It gave me the opportunity to speak on a matter I am passionate about when talking Population Health Management – the power of storytelling.
Whilst it is true that all Population Health Management enterprises are data driven, there is a real danger that we become too obsessed with the data. We obsess when we can’t get it and we fret when we do. Indeed, when it comes to data we are in a permanent state of angst. We lose sight of the fact that the data is only ever a guide. It will not and cannot provide us with all of the answers to the myriad of questions we have.
Too often we stress and agonise over the minutia of detail. We desire a world where the insight we crave takes a sentient form, leaping from the dashboard to lead us to a Population Health Management nirvana.
The road to hell is paved with dashboards. Too often – to misquote Churchill – they take the form of “a riddle, wrapped in a mystery, inside an enigma”.
Face it. Health data is messy and complex. It is therefore the duty of all those that work with it to provide clarity and insight.
That insight exists but it needs coaxing and teasing. Once surfaced it needs to be presented as part of a rich narrative that generates a strong and lasting personal response.
This is why the very best data analysts and the most precious data scientists are great storytellers. They elicit and convey meaning from the data they work with. That data is often hard, sterile, and soulless. With stories we create emotion and empathy.
Great stories enable us to connect with our audience. They provide a means whereby we can generate a deep and personal reaction from those with whom we seek to engage. In Population Health Management audience engagement is everything and it is through the power of our stories that we have the means by which to persuade, influence and ultimately generate action.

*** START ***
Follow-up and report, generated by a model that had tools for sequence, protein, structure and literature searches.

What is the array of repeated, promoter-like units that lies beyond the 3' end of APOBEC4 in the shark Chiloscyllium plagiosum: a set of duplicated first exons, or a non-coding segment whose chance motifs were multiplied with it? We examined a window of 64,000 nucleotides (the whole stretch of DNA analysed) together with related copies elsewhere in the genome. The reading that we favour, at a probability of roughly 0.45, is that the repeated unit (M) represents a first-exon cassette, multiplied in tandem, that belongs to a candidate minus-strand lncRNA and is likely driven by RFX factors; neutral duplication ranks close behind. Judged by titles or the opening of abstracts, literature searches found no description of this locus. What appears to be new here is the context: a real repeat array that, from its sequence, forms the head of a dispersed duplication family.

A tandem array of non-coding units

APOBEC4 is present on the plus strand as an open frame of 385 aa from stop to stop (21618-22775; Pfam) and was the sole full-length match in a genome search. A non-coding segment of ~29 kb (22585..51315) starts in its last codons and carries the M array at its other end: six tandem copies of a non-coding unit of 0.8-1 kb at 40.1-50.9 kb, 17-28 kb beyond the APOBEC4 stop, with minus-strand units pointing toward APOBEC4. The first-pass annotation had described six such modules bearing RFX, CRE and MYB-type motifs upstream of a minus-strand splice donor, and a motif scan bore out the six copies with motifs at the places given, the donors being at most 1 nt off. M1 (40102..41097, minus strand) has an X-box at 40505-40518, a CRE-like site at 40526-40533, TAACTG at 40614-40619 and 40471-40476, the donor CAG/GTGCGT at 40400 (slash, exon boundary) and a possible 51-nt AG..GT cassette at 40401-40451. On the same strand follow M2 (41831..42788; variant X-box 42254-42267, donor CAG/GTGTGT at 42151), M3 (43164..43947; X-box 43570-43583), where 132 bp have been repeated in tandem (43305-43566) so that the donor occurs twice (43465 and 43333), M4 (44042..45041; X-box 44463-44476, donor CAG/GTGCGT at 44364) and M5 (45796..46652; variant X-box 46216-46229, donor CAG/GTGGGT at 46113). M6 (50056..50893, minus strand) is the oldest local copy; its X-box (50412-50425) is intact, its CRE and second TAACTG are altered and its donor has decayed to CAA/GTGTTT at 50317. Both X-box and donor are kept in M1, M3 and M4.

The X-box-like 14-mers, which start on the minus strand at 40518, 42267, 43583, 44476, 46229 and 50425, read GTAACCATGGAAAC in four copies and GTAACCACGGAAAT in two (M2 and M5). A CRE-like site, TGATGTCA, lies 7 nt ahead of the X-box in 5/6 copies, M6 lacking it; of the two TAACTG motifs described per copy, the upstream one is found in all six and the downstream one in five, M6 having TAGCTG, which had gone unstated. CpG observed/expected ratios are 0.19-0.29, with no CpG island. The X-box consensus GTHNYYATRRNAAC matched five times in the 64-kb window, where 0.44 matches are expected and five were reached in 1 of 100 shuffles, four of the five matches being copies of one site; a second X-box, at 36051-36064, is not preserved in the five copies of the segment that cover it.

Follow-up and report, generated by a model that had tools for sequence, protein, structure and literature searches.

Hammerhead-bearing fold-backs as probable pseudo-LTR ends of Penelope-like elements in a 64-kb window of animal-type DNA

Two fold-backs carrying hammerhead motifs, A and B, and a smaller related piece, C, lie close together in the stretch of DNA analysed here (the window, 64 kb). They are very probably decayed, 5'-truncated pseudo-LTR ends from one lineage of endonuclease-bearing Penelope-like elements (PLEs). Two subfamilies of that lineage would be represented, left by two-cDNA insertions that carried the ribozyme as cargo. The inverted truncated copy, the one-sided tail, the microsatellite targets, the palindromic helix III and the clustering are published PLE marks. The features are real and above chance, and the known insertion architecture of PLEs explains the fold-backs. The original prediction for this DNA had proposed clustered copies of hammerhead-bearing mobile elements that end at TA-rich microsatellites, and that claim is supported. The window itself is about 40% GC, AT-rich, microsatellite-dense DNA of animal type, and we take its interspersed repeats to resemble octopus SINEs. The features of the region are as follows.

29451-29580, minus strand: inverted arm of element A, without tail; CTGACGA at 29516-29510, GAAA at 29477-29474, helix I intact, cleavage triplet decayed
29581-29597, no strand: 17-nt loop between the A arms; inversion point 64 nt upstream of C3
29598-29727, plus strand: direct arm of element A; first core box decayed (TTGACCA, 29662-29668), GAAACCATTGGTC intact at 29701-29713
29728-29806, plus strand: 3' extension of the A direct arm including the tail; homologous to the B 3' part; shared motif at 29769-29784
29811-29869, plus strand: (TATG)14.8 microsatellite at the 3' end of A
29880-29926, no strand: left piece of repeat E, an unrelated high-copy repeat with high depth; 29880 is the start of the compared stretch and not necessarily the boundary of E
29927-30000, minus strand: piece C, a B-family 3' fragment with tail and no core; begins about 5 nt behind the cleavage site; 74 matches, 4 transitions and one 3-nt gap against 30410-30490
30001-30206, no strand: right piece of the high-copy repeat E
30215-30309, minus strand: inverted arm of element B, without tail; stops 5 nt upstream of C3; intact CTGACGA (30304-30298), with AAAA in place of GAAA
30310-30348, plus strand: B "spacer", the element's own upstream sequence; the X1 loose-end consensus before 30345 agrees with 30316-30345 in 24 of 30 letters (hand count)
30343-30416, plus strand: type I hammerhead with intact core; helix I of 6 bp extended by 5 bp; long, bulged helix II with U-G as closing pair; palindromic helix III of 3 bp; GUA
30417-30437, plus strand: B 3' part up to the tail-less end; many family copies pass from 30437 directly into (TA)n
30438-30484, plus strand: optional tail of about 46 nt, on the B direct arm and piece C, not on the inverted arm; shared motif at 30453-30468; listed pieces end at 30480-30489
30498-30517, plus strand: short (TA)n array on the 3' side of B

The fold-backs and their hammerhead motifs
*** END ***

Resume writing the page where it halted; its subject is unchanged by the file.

In my talk, I sought to illustrate my point by quoting the opening line of George Orwell’s 1984:
“It was a bright day in April, and the clocks were striking thirteen”.
A single sentence. One number.
From this sentence I need to know more about that number. Its meaning. The story behind it. I’m hooked. I’m on a journey to understanding.
This I believe is the challenge facing all those working with data as part of their Population Health Management endeavours.
How to captivate our audience? How to inspire? How to connect? How to generate an emotion that strikes at a personal level and that inspires our audience to rise-up and act.
It is no easy skill, but part of the answer lies in mindset.
If you truly want to persuade people to change the world, then think and act like a storyteller.
N C Slone
16th March 2023
My thanks to Martha L Sylvia and Ines Maria Vigil who served as inspiration for this story.
Martha Sylvia & Ines Maria Vigil – Population Health Analytics. Copyright©2022 by Jones & Bartlett Learning LLC www.jblearning.com